A quick look at how the new Atlas Cross Sport compares with the Honda Passport.
Unveiled this morning, the 2020 Volkswagen Atlas Cross Sport will compete with a range of new mid-size SUVs including the Honda Passport. We don’t have all of the information about pricing or fuel economy, but we do have enough to go on to do a quick comparo of these two five-seat mid-size SUVs.
Engines and Towing Capacity
The Honda Passport has one engine and one engine only, a 3.5-litre V6 engine with 280 horsepower and 262 pound-feet of torque. That engine is paired with a CVT automatic gearbox and all-wheel drive is standard. The new 2020 Volkswagen Atlas Cross Sport also gets standard 4Motion all-wheel drive for the Canadian market, but it is paired with an 8-speed automatic. Base Atlas Cross Sport models get a 2.0-litre turbocharged engine with 235 horsepower and 258 pound-feet of torque. Next up is a 3.6-litre V6 with 276 horsepower and 266 pound-feet of torque.
The Passport therefore has a bit more power when it comes to V6 engines, but a little less torque. In the end, accelerations will likely feel about the same. Both mid-size 5-seat SUVs can tow 5,000 pounds.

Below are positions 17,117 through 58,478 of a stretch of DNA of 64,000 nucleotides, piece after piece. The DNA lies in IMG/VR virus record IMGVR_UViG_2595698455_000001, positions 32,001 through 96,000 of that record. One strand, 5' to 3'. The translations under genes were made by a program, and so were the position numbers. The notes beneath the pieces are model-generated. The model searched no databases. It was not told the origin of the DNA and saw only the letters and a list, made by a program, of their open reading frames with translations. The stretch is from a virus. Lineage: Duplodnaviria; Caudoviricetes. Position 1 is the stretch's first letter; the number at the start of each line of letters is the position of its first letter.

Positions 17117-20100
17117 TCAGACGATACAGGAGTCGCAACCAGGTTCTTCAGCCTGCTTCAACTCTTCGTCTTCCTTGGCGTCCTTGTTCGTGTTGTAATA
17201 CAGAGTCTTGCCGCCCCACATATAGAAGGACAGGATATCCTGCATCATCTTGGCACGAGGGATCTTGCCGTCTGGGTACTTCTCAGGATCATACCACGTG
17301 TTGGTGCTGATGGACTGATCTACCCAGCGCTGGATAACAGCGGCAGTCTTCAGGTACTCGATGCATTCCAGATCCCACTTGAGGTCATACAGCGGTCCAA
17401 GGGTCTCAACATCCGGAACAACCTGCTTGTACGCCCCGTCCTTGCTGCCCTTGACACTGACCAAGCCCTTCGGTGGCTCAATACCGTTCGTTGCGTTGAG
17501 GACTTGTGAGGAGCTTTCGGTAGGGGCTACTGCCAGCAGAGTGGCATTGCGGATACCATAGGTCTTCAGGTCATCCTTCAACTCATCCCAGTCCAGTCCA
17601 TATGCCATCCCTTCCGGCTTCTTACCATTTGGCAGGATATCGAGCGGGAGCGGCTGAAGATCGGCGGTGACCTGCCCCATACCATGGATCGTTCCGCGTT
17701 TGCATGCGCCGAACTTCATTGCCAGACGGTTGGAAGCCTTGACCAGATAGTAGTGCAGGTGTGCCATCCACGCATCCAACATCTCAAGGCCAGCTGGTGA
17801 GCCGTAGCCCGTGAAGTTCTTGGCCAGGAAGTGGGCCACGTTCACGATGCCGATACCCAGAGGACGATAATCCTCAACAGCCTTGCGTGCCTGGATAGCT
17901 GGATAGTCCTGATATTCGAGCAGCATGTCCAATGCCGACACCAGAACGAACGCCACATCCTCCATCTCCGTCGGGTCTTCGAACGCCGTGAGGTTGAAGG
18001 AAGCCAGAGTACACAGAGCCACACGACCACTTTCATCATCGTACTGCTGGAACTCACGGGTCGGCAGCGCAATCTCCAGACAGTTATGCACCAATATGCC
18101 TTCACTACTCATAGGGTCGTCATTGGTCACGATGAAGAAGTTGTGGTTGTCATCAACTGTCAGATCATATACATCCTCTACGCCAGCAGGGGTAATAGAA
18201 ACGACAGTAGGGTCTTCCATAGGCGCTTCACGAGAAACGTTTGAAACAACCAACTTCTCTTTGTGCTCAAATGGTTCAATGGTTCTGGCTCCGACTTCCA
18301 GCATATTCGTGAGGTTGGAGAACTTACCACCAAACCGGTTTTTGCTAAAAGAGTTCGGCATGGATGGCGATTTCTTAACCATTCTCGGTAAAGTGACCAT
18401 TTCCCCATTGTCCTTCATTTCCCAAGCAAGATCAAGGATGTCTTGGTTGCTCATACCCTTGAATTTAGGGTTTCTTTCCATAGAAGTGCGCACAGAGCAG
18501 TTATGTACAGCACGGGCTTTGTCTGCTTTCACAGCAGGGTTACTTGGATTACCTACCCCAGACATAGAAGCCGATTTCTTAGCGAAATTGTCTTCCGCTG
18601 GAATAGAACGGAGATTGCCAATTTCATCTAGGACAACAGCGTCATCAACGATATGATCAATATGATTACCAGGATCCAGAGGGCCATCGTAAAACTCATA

The Honda Passport is the uncontested king of interior space in its segment. The 2020 Volkswagen Atlas Cross Sport will come in second place ahead of the Blazer, Grand Cherokee, Murano and Ford Edge, but it can’t get ahead of the Passport on paper.
The Volkswagen has 40.3 cu.ft. of cargo space with all seats in place, or 1,141 litres. The Honda Passport will all seats in place offers 50.5 cu.ft., or 1,431 litres. Lower the rear seats and the Atlas Cross Sport gives you 77.8 cu.ft. (2,203 litres) while the Passport has 91.2 cu.ft (2,854 litres).
Features and Versions
The 2020 Volkswagen Atlas Cross Sport will be offered in three versions: Trendline, Comfortline, and Execline. The four-cylinder turbo is available in the first two versions, but Execline models only get the V6.
All Atlas Cross Sport and Passport models get heated front seats, rear-view camera, rain sensing wipers, cruise control and automatic climate.
The Passport gets 20-inch wheels versus the Atlas Cross Sport’s 18-inch wheels. Only the Execline gets 20-inchers and you can opt for 21-inch wheels with the R-Line package.
The Atlas Cross Sport offers Blind Spot Monitoring as standard equipment while the Passport only has it in its top-of-the-line trim. On the other hand, the Passport comes standard with Honda Sensing and a full suite of active safety technologies while the Atlas Cross Sport only offers features such as Adaptive Cruise Control and Lane Departure Warning in its upper trims.
Overall, the Passport has more features in its base version, more space, and a tiny bit more power. If the Atlas Cross Sport is anything like the Atlas and we’re sure it will be, the Volkswagen will be the more engaging of the two to drive. The big question is price, however. The Passport is an expensive proposition while the Atlas Cross Sport is expected to come it at less than $40,000.